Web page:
Parents

Resources for Parents

Parents have a valuable role to play in working with schools to support their children's learning. At Parramatta West we value the contribution parents make, and provide numerous opportunities for parents to understand more about our teaching and learning programs.

 

Click on the links to find further activities and information.

 

Reading Eggs
Reading Eggs
Reading Eggspress
Reading Eggspress
Mangahigh
Mangahigh.com
School A-Z
www.schoolatoz.nsw.edu.au/home
Parenting Ideas
Parenting Ideas
 

  

School Uniform

School uniforms may be purchased from the uniform shop located at Parramatta West Public School which is managed by our P & C Association. You can purchase the uniform in the mornings from 8.30am until 9.30am.

Uniform Prices Oct 2016 (pdf 34 KB)

Uniform Price March 2016 (pdf 34 KB)

Uniform hours for Feb 16 (pdf 23 KB)

 

 

Canteen - Information

Our school canteen provides your child with nutritious lunches at a reasonable price. It operates 5 days a week by Kids Snack Shack.

Recess and lunch may be ordered by placing the correct money into a paper bag and write clearly your child's name, class, recess or lunch and the food order. Orders can be placed on-line (refer to attached menu for details).  Orders should be placed before school begins.

Canteen Menu 2016 (pdf 120 KB)

 

Translated Documents arranged by language

Click on the link below to access a range of useful documents for teachers, parents and caregivers, translated into over 40 languages.

Translated Documents

 

 

Free Support for Parents 

‘Tis the Season of Meltdowns

As the end of the school year rapidly approaches, calendars and to-do lists get jam-packed and tempers can be frayed.  Sometimes at this time of year we see our children behaving in ways that aren't usual for them such as being teary and emotional to being defiant and angry.  Sometimes when things become too hard for children to handle they might have a ‘meltdown'. A meltdown is an intense and often frightening response to over-stimulation of the nervous system involving activation of the child's ‘fight or flight' response. This often means that the experiences the child is having are too much for them to handle at the time. Tiredness, lack of routines, stress in the family (rushing around with too many things on the to-do list) and other changes can create a "perfect storm" for the child. Afterwards, the child may experience intense feelings of shame, humiliation, remorse and fear that relationships have been harmed beyond repair.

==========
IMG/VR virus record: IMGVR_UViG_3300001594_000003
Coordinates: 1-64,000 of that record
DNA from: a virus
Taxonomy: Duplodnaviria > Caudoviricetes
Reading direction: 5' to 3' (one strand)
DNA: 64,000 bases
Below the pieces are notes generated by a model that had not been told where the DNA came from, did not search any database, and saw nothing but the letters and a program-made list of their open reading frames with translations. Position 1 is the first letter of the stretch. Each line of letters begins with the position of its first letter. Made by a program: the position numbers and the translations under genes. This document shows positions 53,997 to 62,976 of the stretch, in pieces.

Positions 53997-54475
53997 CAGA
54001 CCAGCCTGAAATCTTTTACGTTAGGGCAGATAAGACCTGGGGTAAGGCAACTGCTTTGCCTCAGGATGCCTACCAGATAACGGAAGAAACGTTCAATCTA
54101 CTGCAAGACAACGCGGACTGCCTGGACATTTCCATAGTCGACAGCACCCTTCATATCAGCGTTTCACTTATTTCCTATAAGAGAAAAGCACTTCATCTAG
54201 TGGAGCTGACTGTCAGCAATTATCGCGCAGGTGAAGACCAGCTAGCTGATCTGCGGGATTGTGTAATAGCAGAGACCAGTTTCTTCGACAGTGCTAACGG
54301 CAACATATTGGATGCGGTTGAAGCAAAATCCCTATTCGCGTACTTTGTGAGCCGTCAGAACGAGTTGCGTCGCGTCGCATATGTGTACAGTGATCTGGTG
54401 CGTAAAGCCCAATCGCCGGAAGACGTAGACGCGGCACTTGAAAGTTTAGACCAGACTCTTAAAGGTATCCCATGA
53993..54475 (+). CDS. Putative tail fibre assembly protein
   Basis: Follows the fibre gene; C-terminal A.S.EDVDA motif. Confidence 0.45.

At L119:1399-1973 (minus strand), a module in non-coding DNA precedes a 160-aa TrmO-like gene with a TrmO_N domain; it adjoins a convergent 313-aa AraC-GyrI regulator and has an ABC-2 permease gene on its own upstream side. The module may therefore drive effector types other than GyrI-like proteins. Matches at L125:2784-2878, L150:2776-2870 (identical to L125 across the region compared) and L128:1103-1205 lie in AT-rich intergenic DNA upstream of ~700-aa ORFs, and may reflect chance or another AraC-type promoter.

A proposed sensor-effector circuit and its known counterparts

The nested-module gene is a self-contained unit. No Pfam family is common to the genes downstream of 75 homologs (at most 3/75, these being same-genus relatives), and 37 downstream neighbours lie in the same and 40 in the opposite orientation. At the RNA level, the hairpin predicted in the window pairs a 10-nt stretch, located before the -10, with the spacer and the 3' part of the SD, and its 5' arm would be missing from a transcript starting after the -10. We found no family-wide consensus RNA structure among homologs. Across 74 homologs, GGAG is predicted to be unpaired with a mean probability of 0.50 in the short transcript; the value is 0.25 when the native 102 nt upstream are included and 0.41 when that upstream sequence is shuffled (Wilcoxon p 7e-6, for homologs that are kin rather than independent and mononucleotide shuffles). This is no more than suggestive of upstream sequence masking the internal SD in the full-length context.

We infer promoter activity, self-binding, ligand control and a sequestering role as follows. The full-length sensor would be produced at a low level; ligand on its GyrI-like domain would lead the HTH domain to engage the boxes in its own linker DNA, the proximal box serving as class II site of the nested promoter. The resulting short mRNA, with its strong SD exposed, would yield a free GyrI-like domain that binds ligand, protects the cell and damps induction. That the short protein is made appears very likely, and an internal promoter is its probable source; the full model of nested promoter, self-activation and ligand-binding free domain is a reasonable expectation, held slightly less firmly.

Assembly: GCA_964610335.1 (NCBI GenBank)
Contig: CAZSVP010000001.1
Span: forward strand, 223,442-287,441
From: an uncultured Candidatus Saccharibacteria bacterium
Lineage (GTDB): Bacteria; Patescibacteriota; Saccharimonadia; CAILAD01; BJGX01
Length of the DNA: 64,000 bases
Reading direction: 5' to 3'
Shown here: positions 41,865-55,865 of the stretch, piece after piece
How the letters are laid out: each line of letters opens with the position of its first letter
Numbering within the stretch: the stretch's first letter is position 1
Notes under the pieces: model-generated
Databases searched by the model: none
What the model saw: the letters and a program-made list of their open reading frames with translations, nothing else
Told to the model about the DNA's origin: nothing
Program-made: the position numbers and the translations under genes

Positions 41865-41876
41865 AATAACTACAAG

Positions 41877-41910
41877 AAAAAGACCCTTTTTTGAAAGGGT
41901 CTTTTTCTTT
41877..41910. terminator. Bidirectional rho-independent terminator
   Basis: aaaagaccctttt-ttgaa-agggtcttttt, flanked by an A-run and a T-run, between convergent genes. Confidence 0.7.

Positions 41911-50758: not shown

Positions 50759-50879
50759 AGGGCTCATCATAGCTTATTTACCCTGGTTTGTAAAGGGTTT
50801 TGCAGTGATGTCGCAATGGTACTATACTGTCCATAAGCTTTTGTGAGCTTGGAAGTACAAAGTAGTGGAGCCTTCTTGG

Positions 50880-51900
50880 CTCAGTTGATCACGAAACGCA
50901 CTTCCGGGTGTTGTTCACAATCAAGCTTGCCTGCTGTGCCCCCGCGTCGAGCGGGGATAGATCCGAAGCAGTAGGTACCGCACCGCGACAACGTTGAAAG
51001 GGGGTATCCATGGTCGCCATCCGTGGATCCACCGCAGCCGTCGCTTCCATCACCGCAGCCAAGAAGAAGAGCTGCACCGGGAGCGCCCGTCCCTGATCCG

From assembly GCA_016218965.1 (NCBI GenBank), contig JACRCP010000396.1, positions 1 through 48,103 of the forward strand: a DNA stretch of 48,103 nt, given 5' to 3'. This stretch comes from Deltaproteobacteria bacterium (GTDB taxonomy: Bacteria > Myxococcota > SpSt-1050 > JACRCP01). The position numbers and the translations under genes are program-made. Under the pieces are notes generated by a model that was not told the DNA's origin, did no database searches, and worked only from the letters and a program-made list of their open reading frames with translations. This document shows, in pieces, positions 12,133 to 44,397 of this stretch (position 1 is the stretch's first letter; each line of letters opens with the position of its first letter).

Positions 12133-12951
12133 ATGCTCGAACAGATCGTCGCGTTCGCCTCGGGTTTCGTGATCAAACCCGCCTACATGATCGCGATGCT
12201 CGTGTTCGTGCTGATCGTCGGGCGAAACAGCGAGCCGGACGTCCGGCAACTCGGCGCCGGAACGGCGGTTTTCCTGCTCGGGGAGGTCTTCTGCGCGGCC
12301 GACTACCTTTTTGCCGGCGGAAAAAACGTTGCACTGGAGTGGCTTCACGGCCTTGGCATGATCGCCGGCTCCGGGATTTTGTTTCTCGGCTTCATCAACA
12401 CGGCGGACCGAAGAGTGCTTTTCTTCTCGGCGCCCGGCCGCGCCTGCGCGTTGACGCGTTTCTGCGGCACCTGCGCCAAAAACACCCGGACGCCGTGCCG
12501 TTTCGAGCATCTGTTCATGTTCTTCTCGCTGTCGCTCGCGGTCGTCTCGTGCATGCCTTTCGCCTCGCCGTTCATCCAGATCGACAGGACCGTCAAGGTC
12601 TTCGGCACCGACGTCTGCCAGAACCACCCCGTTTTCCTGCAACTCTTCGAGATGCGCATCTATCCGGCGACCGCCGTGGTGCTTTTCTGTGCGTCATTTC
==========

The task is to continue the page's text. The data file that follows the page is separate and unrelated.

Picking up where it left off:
The notion of prevention being better than the cure is primary when dealing with meltdowns. So how, as a parent, can you prevent meltdowns?

Tune in to early warning signs in your children. What do these signs look like?

  • Resistance to, or disengaging from, an activity or routine
  • Verbal or non-verbal expressions of distress or frustration e.g. tears, whining, swearing, difficulty answering questions, pacing, stuttering, grimacing etc.

By tuning in early, you may be able to prevent a meltdown or minimise its impact. Expressing empathy, helping a child to verbalise their frustration and providing them with options can have a positive impact. An example of this could be "I can see that you are getting mad about not getting a turn on the flying fox.  Would you like me to help you ask for your turn?"

It may also be helpful to manage your child's environment to minimise the likelihood of a meltdown occurring.  For example, try to maintain normal household routines, spend quality time together as a family and factor in some quiet time for your children to unwind after a bust day. 

If prevention fails, there are ways to manage a meltdown to minimise its impact:-

  • Once your child is having a meltdown, the time for reasoning has passed. He or she is overwhelmed emotionally and will not be able to think rationally.
  • It is imperative that you, as the parent, stay calm. If you feel you are losing control, enlist another adult to help you or take time out yourself if you are at home.
  • Ensure your child is safe whilst having a meltdown. Move a young child away from roads, sharp objects etc.
  • If you are out and about and the meltdown doesn't subside quickly, it's often better to go straight home.
  • Don't interfere with your child's meltdown in terms of making suggestions or ordering your child to stop. Wait until the storm begins to subside before offering comfort.
  • Once your child is calmer, offer simple suggestions such as a cuddle, a quiet story together or a DVD.
  • Only engage in problem solving the issues that led to the meltdown once your child is completely calm. It may even be the next day before you can help your child find a solution to their angst.

 

Parent Line NSW is a State Government funded free professional telephone counselling service that is available 24 hours a day 7 days a week. Call our Parenting Counsellors to talk through any issue related to raising your child 1300 1300 52.

 

Legal Aid

Best for Kids is a community legal education initiative of Legal Aid NSW. For free legal information and help over the telephone, call LawAccess NSW on 1300 888 529.
Further details can be found here: 
 

Best for Kids Flyer (pdf 2253 KB)